CANADIAN RAILWAY OFFICE OF ARBITRATION
CASE NO. 3142
Heard in Montreal, Thursday, 14 September 2000
CANADIAN NATIONAL RAILWAY COMPANY
CANADIAN COUNCIL OF RAILWAY OPERATING UNIONS
(UNITED TRANSPORTATION UNION)
DISPUTE – COUNCIL :
Recognizing the material change in working conditions and adverse effects caused by the abolishment of four (4) traffic coordinator positions at East Tower, Walker Yard, Edmonton.
DISPUTE – COMPANY :
Grievance concerning the alleged violation of article 22.1 of agreement 4.2 as a result of the abolishment of four traffic coordinator positions at the East Tower in Walker Yard on January 22, 1999.
COUNCIL’S STATEMENT OF ISSUE:
In January of 1999, four traffic coordinator positions at the East Tower of Walker Yard were abolished. The Company did not serve notice of material change pursuant to article 22 of agreement 4.2
A material change notice regarding decommissioning of the Walker Hump was served by the Company on the Union February 5, 1999.
During meetings on February 18, 1999, Company officials agreed to address the adverse effects of the abolishment of the four East Tower traffic coordinator positions concurrent with the negotiations taking place regarding the Walker Hump material change, a position that was reaffirmed to the Union during a March 19, 1999 meeting with the Company.
The February 5, 1999 notice of material change was rescinded by the Company by way of a letter dated March 31, 1999. However, the mitigation of adverse effects resulting from the abolishment of the East Tower traffic coordinator positions remains outstanding.
The Union maintains that the Company has violated the collective agreement by failing to negotiate mitigation of this admitted material change in working conditions prior to implementation and requests that the four traffic coordinator positions be reinstated and that all employees adversely affected by the abolishment of these positions be fully compensated and made whole for their losses.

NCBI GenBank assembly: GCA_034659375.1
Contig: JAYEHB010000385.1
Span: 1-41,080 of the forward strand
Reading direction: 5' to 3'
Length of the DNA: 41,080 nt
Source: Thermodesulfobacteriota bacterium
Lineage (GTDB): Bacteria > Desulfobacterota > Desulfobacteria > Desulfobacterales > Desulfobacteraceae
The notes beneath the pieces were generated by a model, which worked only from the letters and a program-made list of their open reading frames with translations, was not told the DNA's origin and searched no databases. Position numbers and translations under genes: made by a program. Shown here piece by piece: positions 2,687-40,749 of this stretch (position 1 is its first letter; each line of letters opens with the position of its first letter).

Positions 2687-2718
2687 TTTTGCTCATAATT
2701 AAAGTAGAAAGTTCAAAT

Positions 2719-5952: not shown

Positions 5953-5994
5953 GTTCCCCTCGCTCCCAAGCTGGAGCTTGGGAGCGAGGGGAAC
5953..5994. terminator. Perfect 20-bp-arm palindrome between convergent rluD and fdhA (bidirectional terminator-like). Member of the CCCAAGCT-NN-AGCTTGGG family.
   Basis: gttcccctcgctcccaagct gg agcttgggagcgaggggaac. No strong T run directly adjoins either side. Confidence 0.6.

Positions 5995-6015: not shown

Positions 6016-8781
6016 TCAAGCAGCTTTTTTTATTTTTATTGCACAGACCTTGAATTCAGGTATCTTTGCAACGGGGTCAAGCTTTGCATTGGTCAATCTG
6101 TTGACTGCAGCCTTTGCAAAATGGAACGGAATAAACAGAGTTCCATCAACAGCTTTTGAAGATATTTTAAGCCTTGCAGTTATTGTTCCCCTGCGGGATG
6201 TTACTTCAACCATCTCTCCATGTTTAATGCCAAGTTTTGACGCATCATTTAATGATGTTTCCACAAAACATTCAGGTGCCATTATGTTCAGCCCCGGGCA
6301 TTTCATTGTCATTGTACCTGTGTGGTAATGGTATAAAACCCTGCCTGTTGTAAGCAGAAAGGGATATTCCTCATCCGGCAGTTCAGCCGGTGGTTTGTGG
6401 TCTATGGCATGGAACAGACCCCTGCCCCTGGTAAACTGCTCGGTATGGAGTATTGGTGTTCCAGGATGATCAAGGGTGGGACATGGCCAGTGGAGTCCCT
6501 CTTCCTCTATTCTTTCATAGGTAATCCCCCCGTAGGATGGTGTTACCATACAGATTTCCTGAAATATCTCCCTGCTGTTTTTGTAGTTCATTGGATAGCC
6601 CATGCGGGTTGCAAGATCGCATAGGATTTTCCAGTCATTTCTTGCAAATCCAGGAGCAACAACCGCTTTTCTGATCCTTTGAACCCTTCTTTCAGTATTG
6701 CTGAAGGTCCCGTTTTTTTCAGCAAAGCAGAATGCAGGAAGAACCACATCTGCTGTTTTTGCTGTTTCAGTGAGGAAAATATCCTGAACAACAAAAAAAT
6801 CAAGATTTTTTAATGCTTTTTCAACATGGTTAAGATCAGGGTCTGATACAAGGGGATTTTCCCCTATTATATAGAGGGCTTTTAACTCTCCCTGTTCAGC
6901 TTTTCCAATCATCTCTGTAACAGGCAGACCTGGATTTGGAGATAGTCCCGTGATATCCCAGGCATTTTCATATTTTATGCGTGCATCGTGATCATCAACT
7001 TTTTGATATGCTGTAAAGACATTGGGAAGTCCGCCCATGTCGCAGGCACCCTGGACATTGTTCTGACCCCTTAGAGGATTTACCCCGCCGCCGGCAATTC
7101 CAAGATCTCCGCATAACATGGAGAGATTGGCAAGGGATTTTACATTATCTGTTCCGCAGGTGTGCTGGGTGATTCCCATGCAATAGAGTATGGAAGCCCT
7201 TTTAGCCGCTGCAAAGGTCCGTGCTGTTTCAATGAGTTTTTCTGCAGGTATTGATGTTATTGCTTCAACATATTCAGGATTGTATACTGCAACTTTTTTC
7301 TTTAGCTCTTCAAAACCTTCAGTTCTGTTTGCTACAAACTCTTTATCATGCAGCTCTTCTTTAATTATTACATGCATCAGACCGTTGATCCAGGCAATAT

The Company has now stated that the abolishment of the four traffic coordinator positions at the East Tower was a result of a downturn in traffic and, as such, no material change has taken place.
COMPANY’S STATEMENT OF ISSUE:
By way of bulletin on January 21, 1999, the Company abolished the four traffic coordinator positions in the East Tower, to be effective with the board change on January 22, 1999. The Company did not serve a notice of material change pursuant to article 22 of agreement 4.2.
The Union contends that the abolishment of these assignments constitutes a material change in working conditions as outlined in article 22 of agreement 4.2 and that the Company has violated the collective agreement by failing to negotiate mitigation of the alleged material change in working conditions prior to implementation.
The Union requests that the four traffic coordinator positions be reinstated and that all employees adversely affected by the abolishment of these positions be fully compensated and made whole for their losses.
The Company maintains, as has consistently been maintained since January of 1999, that the abolishment of these assignments does not constitute a material change pursuant to article 22 of agreement 4.2, but rather these job abolishments occurred as a result of a downturn in workload, fluctuations in traffic as well as the traditional reassignment of work or other normal changes inherent in the nature of the work in question, as outlined in article 22.1(k) of agreement 4.2
FOR THE COUNCIL: FOR THE COMPANY:
(SGD.) R. A. HACKL (SGD.) S. J. BLACKMORE
FOR: GENERAL CHAIRMAN FOR: VICE-PRESIDENT, LABOUR RELATIONS
There appeared on behalf of the Company:
S. J. Blackmore – Labour Relations Associate, Edmonton
R. Valliere – Terminal Superintendent, Edmonton
L. Rea – Transportation Officer, Edmonton
And on behalf of the Council:
R. A. Hackl – Vice-General Chairman, Edmonton
B. J. Henry – General Chairman, Edmonton
W. G. Scarrow – Vice-President, UTU, Ottawa
AWARD OF THE ARBITRATOR
Upon a review of the material filed the Arbitrator has some difficulty with the position advanced by the Council. It alleges that the abolishment of the four traffic coordinator positions at the East Tower of Walker Yard, in Edmonton, constituted a material change prompted by technological and operational innovations at the instance of the Company. The initial position of the Council is understandable, in that there was a comment apparently made by the Company’s General Manager in February of 1999 to the effect that the abolishment of the East Tower positions might constitute a material change, the negotiation of which could be folded into other discussions regarding the decommissioning of the Walker Hump. In fact, however, the Company did not endorse the position so expressed, and declined repeated efforts by the Council’s representatives to treat the matter as a material change.